In this series of articles we are thoughtfully exploring ideas to help curate your own signature style.
There are five parts in this series, and I've written mini, less-than-5-minute articles within each one for you to explore bit by bit.
This article belongs to auditing.
"The more comfortable you are, and the more you can relax, the more truthful your performance is."
- Courtney Ford
The heat of Urumqi can stifle you.
When people refer to Urumqi, located in the heart of Central Asia, as a 'melting pot', a crossroads of Silk Road cultures, I agree because I definitely nearly melted there during the summers. The desert of Turpan is one of the hottest places on earth, and Urumqi is further away from the sea than any other place on earth.
So, it melts you in the summer. (And freezes you in the winter.). But mostly it melted me - especially being in the high rise towers where AC isn't really a thing (!), at least back then.
One summer, when I lived in Urumqi for my studies, I was lucky to stay with the family of one of my closest friends. Her mum became my honorary Uyghur mum while I was there.
From her, I learned about the rich traditions of Uyghur culture and cuisine... but she also happened to be exceptionally stylish. Whenever I went out with her, I felt I could have been with a sophisticated TV host or actress.
And of the many things she taught me, one of the first was what it meant to have home-wear. As soon as we'd get back from being outdoors, she'd immediately switch from her outdoor outfit to her loose fitting, yet still elegant, home-wear dress. It was still lovely, but visibly more relaxed than what she'd worn out. And she was perfectly comfortable to do home chores and entertain drop-in neighbours in these clothes.
For me, I'd not really reserved clothes just for being at home in before, but soon had a trusty couple of outfits to use for the purpose.
I left Urumqi that year and I haven't been able to get back again yet.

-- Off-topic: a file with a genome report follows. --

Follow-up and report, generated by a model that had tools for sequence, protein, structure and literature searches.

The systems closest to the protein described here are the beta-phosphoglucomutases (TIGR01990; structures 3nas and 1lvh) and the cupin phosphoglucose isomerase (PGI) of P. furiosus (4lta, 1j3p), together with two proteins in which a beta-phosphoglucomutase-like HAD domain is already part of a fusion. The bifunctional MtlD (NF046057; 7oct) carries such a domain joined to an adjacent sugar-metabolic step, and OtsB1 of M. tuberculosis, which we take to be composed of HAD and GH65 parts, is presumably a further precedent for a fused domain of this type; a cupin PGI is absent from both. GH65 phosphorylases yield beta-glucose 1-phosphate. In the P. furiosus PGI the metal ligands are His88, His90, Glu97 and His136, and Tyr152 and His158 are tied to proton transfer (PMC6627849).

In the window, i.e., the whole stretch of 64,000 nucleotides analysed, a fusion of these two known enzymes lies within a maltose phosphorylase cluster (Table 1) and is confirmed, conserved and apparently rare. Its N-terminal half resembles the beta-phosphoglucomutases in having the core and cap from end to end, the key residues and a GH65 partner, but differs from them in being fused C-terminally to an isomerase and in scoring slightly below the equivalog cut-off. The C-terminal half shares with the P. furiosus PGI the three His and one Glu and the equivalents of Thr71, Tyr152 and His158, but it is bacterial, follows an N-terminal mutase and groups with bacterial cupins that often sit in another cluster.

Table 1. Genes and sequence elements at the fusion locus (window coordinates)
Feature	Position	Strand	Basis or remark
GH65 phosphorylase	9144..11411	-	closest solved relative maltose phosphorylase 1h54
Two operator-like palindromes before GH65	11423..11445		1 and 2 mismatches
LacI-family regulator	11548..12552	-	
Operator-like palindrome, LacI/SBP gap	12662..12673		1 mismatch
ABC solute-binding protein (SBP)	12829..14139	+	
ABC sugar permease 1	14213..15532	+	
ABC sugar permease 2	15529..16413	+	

But the habit of having designated home-wear has stayed with me ever since.
Until this year, I didn't really realise how vital It is to get loungewear, home-wear, and sleepwear right - and very clearly separated, even if it's in subtle ways.
In the kind of era we're currently passing through now, it seems we must be comfortable yet functional and presentable all the time at home now.
So let's break down the differences between lounging, home-ing, and sleeping, and how having specific clothes for each of these can help boost your productivity.
Description: As soon as you put these clothes on, they take you to the realm of relaxation. You have little care for what you look like when you wear these clothes. They are not meant to be dressed up, they just ooze comfort and softness. For me, I do not wear any jewellery or accessories with lounge-wear - it is for uber comfort with a little less attention on being stylish and presentable.
Productive tip: Keep and wear loungewear specifically for when you are full on lounging, and won't really have to 'do' anything involving other people or activities. In these clothes, you're not working, not really Zooming (unless it's chit-chatting with a dear friend), not people-ing. With loungewear, making it a very specific time when you wear these clothes is the goal, and it helps boost your energy when you have this time clear.